- Hardcover: 382 pages
- Publisher: Riverhead Hardcover (April 10, 2000)
- Language: English
- ISBN-10: 1573221503
- ISBN-13: 978-1573221504
- Product Dimensions: 5.8 x 1.4 x 8.5 inches
- Shipping Weight: 1.4 pounds
- Average Customer Review: 4.8 out of 5 stars See all reviews (253 customer reviews)
- Amazon Best Sellers Rank: #378,818 in Books (See Top 100 in Books)
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My Grandfather's Blessings: Stories of Strength, Refuge, and Belonging Hardcover – April 10, 2000
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When doctor and author Rachel Naomi Remen (Kitchen Table Wisdom) was young, she was caught between two different views of life: that of her rabbi grandfather and that of her highly academic, research-oriented parents, who believed religion was the opiate of the masses. As Remen gravitated toward academics and serving the world as a medical doctor, her grandfather became an "island of mysticism in a vast sea of science." But over time, Remen discovered that two seemingly divergent paths could lead to the same destination, especially as she learned to blend her spiritual beliefs with her medical treatment.
Remen uses the heart-rending stories of her patients to teach readers how to follow in her example, that is, combining a life of service with a life of receiving and giving blessings (a combination that avoids common problems such as burnout, self-sacrifice, and navel gazing). Remen also includes personal stories of her grandfather, who showered the world with his mystical beliefs and wizened blessings. While this story-by-story structure is similar to the bestselling Kitchen Table Wisdom, it is still a tearful and satisfying formula. --Gail Hudson
From Publishers Weekly
When she was four years old, Remen's grandfather brought her an unusual present: a paper cup of dirt, which he instructed her to water daily. She did, with increasing boredom, until she was astonished to find that a plant had sprouted. "My grandfather was a scholar of the Kabbalah, the mystical teachings of Judaism," Remen tells us. Through this exercise and others, he taught her that the "spark of God" exists, even in the most unpromising places. Through a series of unpretentious, affecting vignettes, the author of the bestseller Kitchen Table Wisdom encourages readers to recognize and celebrate the unexpected blessings in their own lives. Many of her recollections are linked to her experiences as a medical student and a physician working with cancer patients, but the most memorable ones relate to Remen's deep engagement with her grandfather, who died when she was seven. She gently illustrates her advice through simple yet powerful stories, such as that of a young woman whose husband helped her discover the real meaning of beauty years after her devastating mastectomy; of a widow who learned to cherish her husband's memory with love instead of with "a monument of pain"; and of a little boy who recognized that it's easier to love just a few toys than it is to love many. "Wisdom," Remen writes in this exceptional book, "lies in engaging the life you have been given as fully and courageously as possible and not letting go until you find the unknown blessing that is in everything." Author tour.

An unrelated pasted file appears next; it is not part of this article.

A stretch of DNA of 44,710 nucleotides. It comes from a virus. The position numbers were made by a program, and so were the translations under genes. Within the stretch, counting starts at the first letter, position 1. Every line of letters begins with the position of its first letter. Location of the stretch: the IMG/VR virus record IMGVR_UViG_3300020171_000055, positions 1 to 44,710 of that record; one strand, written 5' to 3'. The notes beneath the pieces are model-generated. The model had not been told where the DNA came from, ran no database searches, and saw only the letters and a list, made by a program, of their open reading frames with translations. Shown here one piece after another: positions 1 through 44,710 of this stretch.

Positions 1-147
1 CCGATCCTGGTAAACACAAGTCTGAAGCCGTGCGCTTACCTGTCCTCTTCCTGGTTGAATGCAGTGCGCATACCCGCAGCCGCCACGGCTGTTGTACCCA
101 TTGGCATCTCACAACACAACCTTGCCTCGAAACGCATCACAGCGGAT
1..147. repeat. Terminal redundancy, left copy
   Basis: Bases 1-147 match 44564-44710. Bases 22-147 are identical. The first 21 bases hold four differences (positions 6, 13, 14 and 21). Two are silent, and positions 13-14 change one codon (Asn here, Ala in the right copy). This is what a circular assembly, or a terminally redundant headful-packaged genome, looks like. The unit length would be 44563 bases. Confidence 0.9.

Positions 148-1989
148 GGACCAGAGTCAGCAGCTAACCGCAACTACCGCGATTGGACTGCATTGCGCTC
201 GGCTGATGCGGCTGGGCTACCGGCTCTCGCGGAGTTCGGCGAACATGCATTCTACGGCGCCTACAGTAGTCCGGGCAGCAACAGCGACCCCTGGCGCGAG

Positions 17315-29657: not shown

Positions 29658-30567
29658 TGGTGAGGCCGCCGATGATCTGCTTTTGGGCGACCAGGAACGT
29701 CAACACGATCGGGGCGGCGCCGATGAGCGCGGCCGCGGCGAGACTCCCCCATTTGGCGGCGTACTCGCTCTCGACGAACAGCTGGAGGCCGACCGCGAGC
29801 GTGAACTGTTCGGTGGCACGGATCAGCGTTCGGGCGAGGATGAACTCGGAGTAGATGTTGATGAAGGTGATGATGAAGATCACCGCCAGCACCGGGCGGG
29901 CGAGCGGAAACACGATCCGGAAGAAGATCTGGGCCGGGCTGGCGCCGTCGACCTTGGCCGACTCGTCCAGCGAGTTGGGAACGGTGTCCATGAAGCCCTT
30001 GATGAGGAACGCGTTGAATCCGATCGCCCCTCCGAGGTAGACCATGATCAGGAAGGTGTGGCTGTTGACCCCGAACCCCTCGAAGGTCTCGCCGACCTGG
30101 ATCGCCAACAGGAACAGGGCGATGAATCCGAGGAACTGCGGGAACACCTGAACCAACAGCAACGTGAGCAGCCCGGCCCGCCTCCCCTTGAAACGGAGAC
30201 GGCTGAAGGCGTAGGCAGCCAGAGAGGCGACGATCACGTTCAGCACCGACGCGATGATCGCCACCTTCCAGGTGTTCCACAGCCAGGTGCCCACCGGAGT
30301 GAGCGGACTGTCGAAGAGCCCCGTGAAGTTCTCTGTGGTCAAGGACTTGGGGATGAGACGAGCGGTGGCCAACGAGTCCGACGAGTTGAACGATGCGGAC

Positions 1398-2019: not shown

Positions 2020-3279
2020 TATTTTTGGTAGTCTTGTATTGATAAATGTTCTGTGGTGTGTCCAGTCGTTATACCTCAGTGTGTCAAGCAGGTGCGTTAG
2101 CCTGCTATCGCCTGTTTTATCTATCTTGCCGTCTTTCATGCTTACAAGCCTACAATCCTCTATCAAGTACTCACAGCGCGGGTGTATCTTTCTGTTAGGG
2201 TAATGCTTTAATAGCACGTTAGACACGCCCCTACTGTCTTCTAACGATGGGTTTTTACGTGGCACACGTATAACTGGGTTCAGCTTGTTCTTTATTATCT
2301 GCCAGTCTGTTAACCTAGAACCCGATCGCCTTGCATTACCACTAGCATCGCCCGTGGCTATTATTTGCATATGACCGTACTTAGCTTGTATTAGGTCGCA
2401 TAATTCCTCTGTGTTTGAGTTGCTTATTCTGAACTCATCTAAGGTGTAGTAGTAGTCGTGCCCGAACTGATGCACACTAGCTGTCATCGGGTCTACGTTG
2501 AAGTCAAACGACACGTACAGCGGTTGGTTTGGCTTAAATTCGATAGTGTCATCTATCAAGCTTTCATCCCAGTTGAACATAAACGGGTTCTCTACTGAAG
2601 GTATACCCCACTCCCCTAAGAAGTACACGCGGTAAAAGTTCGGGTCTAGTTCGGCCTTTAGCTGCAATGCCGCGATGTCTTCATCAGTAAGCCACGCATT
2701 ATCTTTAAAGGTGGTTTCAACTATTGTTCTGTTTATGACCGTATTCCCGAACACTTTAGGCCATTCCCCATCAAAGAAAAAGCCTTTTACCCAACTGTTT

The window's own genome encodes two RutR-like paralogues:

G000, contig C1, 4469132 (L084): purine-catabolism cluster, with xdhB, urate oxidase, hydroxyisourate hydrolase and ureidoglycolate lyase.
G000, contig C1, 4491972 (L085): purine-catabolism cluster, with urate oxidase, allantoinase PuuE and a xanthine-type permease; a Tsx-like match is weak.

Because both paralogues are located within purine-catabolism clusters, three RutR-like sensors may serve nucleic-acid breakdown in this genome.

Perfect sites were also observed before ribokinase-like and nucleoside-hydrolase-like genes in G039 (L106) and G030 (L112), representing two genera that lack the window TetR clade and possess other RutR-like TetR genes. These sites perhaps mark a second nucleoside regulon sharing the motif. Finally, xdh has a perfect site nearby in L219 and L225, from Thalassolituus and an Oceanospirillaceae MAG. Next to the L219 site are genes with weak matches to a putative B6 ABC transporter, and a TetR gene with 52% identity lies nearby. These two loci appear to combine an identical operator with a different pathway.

Copyright 2000 Reed Business Information, Inc.
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Top customer reviews
She writes to the heart of what it means to be human.
The baby boy in the ER who somehow lived against all the odds--the power and mystery of life and of the will to live when in the presence of overwhelming love. "When it works," she titled the story, because sometimes the end of the story is not the one we would have chosen.
But sometimes, oh sometimes, it does get to be what we had so hoped for.
I was re-reading this book and its companion, "Kitchen Table Wisdom," while very ill in the hospital. A nurse walked in, saw them in my room and exclaimed over how much she loved those books, too. I instantly knew I was in good hands and that this was someone who cared deeply about her patients--and she did.
Because that is the gift Dr. Remen offers her readers: a clear view of not just medicine but life, a chance to become the best in ourselves, a way forever forward. I am deeply grateful for these books and have given many copies away.
Rachel Naomi Remen, a cancer physician, recounts her weekly childhood visits to her grandfather's house. Though she was raised in a secular Jewish home, Dr. Remen's grandfather was an orthodox rabbi; and each erev shabbat she would visit his home and enter his world of Torah stories, lessons, and blessings.
Herself a master storyteller, Dr. Remen draws you into each of these visits so completely that you feel like you are there, and a recipient of "her grandfather's blessings."
Remen uses the word 'blessing' as a synonym for the word 'love.' Yet, 'blessing' seems to me to go beyond 'love,' to be the highest order of love, the top of the pinnacle.
This is an easy read in terms of layout - short chapters filled with human interest stories. It is also a powerful and attitude changing book - read it only if you are longing for hope and to know yourself better.
"Blessings"--delineating the author's relationship with her grandfather and how it was through his eyes she learned to see herself, enabling her to transcend the unrealistic academic expectations of her parents and those perverse "two points." I lean upon the proverb "Give me a child until [she's] seven, and you may have [her] the rest of [her] life." To the ineffable good fortune of "Neshume-le," her grandfather was there at the time of her emotional hard-wiring with his agape' love of unqualified acceptance.
"Wrestling with the Angel"--focusing on the ironic ability of an enemy to convey blessing, at the heart of which is the ancient narrative of a youthful Jacob at the River Jabbok, full of fear's desperation and resolution, being touched and injured as he seeks his adversary's benediction. I love Remen's comment about wondering if her grandfather "had left me with this story as a compass" to navigate her own tough crossing with Crohn's disease. We can all compile lengthy lists of personal enemies--metastatic cancer, fractured spines, heart disease--the law of entropy pounding on our mortal bodies, what St. Paul calls these "tents of clay," all wasting away. Hemingway was right when he noted how we're all broken and how some of us become "strong in the broken places." So much personal ministry resides in the full-throttle experience of infirmity, where the truest empathy can be born and nurtured.